Latin America

Amid Violence, Juarez Hosts Independence Day Party

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The bicentennial celebration of Mexico's independence was called off in Ciudad Juarez last year due to the terrible violence that convulsed the city. This year, though, the party is on. The city will spend more than $400,000 on a massive fiesta that some 60,000 people are expected to attend. The current mayor says authorities have more control over the violence now. But the murders continue on a daily basis, and not all residents say they feel secure.

MICHELE NORRIS, host: This is ALL THINGS CONSIDERED from NPR News. I'm Michele Norris.

MELISSA BLOCK, host: And I'm Melissa Block. Today is Mexican Independence Day. And in the border city of Juarez this year, the party is on. Last year, Juarez canceled the public celebration of the country's 200th birthday. After four years of brutal drug cartel violence, the city opted out of Mexico's biggest party of the century. Now, there's a new mayor, and while Juarez still has one of the worst murder rates in the Americas, people are tired of hiding. From the public media collaboration Fronteras, Monica Ortiz Uribe reports.





MONICA ORTIZ URIBE: The excitement of hundreds of elementary school kids at an Independence Day celebration in southeast Juarez is electric. Tiny mariachis in fake mustaches and folklorico dancers in full skirts and blue eye shadow shout long live Mexico as is tradition on the eve of the nation's birthday.

TERESA CONTRERAS: (Foreign language spoken)

URIBE: Teresa Contreras is the director of the school. She says having a celebration helps motivate the families. It's our responsibility, she says, to teach the children good values in spite of the terrible violence that surrounds them. While killings are down in Juarez this year, the murder rate is still far worse than it was four years ago when the drug violence first erupted. Some 1,600 people have died here this year. Nationally, police have arrested a number of cartel bosses, but daily murders, extortion and disappearances continue with impunity.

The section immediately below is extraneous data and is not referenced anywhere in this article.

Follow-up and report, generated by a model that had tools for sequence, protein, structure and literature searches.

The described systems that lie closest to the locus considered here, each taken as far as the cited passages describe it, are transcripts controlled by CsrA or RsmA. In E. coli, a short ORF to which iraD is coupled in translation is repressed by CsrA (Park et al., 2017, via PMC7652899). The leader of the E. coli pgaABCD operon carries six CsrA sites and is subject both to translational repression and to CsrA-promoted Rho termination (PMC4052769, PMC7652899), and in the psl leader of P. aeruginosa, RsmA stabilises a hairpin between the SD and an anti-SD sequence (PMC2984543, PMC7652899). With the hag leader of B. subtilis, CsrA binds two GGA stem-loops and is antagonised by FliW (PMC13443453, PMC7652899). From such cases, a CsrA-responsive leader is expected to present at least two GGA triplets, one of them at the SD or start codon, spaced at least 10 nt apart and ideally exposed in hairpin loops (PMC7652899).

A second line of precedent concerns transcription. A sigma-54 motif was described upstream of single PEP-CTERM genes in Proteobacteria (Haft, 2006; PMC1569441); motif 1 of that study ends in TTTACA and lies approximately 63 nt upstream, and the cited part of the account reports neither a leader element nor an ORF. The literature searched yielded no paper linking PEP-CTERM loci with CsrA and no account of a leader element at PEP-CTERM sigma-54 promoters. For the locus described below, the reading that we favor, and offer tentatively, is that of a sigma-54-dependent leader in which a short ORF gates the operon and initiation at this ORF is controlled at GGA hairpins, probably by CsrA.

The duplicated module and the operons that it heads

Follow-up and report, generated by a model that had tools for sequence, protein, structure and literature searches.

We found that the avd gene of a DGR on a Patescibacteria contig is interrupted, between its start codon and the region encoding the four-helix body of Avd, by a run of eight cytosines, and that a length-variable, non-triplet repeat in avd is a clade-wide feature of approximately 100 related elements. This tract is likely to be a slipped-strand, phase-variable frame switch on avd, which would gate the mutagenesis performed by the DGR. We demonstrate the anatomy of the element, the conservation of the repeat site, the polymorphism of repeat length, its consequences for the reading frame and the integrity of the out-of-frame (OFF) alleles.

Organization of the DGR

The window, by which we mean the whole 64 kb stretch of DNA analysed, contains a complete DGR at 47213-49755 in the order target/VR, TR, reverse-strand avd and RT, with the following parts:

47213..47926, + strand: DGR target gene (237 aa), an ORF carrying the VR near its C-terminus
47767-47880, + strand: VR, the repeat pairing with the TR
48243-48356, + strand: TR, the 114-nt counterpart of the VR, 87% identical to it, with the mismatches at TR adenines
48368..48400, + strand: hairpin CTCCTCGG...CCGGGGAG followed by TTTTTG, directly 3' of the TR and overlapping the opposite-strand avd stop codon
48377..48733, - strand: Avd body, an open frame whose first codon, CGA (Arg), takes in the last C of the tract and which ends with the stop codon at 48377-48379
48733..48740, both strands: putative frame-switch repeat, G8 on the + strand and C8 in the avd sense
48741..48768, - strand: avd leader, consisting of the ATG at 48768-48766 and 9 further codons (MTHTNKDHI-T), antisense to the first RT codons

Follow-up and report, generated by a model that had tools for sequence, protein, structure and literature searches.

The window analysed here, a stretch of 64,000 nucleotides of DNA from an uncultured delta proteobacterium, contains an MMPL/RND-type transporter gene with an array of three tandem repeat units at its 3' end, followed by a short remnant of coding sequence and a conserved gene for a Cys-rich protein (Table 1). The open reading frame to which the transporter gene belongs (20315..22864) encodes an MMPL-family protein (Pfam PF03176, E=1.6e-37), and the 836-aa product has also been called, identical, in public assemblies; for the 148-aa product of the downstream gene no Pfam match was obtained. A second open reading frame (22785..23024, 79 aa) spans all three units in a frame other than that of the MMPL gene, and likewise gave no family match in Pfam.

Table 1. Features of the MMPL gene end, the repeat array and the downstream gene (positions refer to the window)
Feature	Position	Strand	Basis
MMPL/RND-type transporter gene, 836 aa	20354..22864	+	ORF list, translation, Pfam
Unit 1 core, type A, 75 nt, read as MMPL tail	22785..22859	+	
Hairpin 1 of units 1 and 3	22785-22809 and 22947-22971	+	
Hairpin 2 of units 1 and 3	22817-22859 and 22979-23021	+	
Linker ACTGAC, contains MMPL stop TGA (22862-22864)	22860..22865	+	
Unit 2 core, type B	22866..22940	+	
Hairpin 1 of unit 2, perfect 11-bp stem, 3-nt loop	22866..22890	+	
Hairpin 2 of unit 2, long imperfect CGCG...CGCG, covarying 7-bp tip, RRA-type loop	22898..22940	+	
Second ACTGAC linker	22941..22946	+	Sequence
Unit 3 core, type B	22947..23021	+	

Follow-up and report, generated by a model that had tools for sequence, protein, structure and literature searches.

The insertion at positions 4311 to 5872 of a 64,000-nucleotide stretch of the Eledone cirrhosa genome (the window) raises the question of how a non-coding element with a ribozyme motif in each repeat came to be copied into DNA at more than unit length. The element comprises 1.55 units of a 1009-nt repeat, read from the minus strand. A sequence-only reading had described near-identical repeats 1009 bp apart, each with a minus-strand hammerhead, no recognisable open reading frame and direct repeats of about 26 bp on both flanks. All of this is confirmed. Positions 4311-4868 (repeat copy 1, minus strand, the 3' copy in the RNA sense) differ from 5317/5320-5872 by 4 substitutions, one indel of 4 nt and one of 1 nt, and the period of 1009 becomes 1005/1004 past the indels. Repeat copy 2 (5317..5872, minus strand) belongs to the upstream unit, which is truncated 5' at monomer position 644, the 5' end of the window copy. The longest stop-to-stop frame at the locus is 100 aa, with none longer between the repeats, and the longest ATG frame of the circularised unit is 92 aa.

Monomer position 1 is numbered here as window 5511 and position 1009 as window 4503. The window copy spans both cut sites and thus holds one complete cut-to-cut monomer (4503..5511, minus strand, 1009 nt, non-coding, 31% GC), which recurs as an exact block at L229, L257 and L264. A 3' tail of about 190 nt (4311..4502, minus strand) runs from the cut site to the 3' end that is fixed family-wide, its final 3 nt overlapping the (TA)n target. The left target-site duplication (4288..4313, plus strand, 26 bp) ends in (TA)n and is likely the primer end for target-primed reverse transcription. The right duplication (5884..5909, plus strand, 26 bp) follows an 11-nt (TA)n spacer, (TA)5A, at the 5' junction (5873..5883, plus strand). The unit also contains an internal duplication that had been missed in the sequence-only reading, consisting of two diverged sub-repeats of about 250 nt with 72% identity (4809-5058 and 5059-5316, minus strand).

UNIDENTIFIED WOMAN #2: (Foreign language spoken)

URIBE: At a street corner, a saleswoman sells Mexican flags, noisemakers and revolutionary portraits. Business is brisk, not like last year, she says, when the festivities were canceled and sales were abysmal. One of her clients is Issac Fernandez, the manager of a new bar that opened in a once booming party zone now lined with decaying businesses.

ISSAC FERNANDEZ: (Foreign language spoken)

URIBE: We see how sad and empty Ciudad Juarez is becoming and decided to open up this business and create jobs, he says. If we continue to be afraid, things won't get better. But not everybody shares his point of view. Another client pulls up, wearing dark glasses and a woven necklace with the image of a saint. His name is Juan Vasquez, and he works for an ad agency. When I ask him how he'll celebrate Independence Day, he says, across the border in El Paso, Texas.

JUAN VASQUEZ: The thing is with the terrible situation happening in Mexico right now, the U.S. is like a safe haven for some Mexicans.

URIBE: It's true. Since the violence began, one Juarez demographer estimates up to 40,000 people have fled the city into the United States. The Mexican consulate in El Paso holds its own Independence Day bash. Last year, 10,000 people attended.


URIBE: At the site of the Juarez fiesta, workers drill together a massive facade depicting the original church where a patriotic priest cried for independence from Spain 201 years ago. This year, the city has gone all out, spending nearly half a million dollars on everything from security to entertainment. Twenty-six buses have been dispatched across the city to transport people to the festivities. Mayor Hector Murguia stands proudly on the main stage in a crisp white collared shirt.

Mayor HECTOR MURGUIA: (Foreign language spoken)

URIBE: He says, it's my job to show what this city is about. This city is alive, he says. People go to work every day and try to do better for their families. Murguia says violence is down across the city, and sacrificing the celebration this year is simply unacceptable. For NPR news, I'm Monica Ortiz Uribe.

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